Young Ballet Students Are Devoted to Their Art: Kirov Ballet School to Present Program of Classical Excerpts

By Jones, John L., Jr. | The Washington Times (Washington, DC), June 20, 1996 | Go to article overview

Young Ballet Students Are Devoted to Their Art: Kirov Ballet School to Present Program of Classical Excerpts


Jones, John L., Jr., The Washington Times (Washington, DC)


Dragos Mihalcea-Eliade, a serious teen-ager from Romania, studies dance at the Kirov Academy of Ballet. Its intense, strict, professional environment makes it hard to believe that a teen-ager would be so comfortable with such a restrained way of life.

"I've missed out on a normal childhood," he says, "but I've wound up with the finest thing I could have."

The student dancers at the ballet school seek to mix professionalism with an intense love of their art. The test will come Saturday, when the academy presents "The Soul in Flight," which will feature excerpts from 15 classical works.

By official decree, the Kirov here is the first dance school outside Russia to be given the name Kirov. Founded in 1990 by Oleg Vinogradov, also artistic director of the Kirov Ballet in St. Petersburg, the academy bases its training on the techniques of the Vaganova method and the performance aesthetics of the Kirov Ballet.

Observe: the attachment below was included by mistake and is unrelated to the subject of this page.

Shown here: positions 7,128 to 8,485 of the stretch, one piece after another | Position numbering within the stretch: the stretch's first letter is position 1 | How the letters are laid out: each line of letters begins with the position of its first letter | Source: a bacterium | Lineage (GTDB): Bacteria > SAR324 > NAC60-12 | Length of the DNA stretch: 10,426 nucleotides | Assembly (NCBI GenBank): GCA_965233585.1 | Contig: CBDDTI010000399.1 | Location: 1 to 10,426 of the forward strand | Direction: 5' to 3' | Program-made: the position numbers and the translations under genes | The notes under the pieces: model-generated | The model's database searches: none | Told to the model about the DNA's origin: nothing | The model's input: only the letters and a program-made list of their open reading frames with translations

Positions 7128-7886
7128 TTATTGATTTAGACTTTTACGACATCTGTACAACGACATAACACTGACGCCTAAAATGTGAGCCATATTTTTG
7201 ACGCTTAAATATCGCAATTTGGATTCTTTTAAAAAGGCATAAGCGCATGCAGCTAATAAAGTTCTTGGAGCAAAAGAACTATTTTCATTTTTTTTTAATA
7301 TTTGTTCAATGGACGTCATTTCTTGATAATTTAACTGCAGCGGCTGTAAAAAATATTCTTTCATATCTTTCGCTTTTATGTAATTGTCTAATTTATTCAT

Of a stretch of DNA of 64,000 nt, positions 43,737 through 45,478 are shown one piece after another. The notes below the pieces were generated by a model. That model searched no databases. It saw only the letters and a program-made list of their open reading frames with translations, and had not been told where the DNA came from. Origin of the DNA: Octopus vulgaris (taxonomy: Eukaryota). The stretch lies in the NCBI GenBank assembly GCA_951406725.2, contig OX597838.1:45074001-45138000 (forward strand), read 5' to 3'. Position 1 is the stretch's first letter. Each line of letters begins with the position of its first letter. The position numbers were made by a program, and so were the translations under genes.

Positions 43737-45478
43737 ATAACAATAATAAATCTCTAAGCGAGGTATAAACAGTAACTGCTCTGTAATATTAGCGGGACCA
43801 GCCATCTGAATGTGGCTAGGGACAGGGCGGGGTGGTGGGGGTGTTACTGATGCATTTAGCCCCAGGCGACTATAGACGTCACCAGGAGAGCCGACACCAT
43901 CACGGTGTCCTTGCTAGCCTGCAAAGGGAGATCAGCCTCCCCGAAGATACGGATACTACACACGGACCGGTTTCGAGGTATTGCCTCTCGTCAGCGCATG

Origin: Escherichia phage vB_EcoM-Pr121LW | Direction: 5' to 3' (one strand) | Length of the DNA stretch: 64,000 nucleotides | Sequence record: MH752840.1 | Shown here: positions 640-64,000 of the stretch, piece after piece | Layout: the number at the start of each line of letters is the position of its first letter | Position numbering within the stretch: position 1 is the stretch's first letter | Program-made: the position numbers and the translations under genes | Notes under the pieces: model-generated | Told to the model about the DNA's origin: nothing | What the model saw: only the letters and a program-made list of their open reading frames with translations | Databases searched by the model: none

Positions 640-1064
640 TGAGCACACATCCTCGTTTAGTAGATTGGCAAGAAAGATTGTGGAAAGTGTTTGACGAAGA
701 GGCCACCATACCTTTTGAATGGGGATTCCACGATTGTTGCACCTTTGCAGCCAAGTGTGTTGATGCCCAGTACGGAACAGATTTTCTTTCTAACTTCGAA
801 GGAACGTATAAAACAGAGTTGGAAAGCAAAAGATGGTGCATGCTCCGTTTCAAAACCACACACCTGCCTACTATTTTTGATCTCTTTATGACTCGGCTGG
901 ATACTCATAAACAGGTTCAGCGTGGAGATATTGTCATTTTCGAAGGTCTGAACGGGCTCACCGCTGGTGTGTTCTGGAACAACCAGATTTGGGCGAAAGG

Almost hidden in a wooded area of Northeast, the academy is a world apart. Most of the students live there, rarely having to leave because the school offers a full program of academic studies in addition to professional dance training.

Occasional light chatter can be heard in the hallways, but dance is the constant undercurrent of everything that goes on. The students literally live for their art in an almost monastic atmosphere.

They devote mornings to academic classes and afternoons to dance lessons and rehearsals that go on until 7 p.m. A curfew goes into effect at 10:30 p.m. And the young people appear pleased with this lifestyle. They've decided on this career before the age of 10, and many spend what little free time they have in the studios.

The students' dedication stems from Yelena Vinogradova, a woman of both charm and inner strength. A former dancer and coach of the Kirov Ballet in Russia, she is deputy artistic director of the academy. All dance classes fall under her supervision.

In the studio, she is a no-nonsense teacher. To her, ballet is one of the world's most difficult professions and must be taught accordingly.

"How else can you approach your work?" she asks.

Michele Wiles of Wheaton reflects her teacher's zealous teaching methods.

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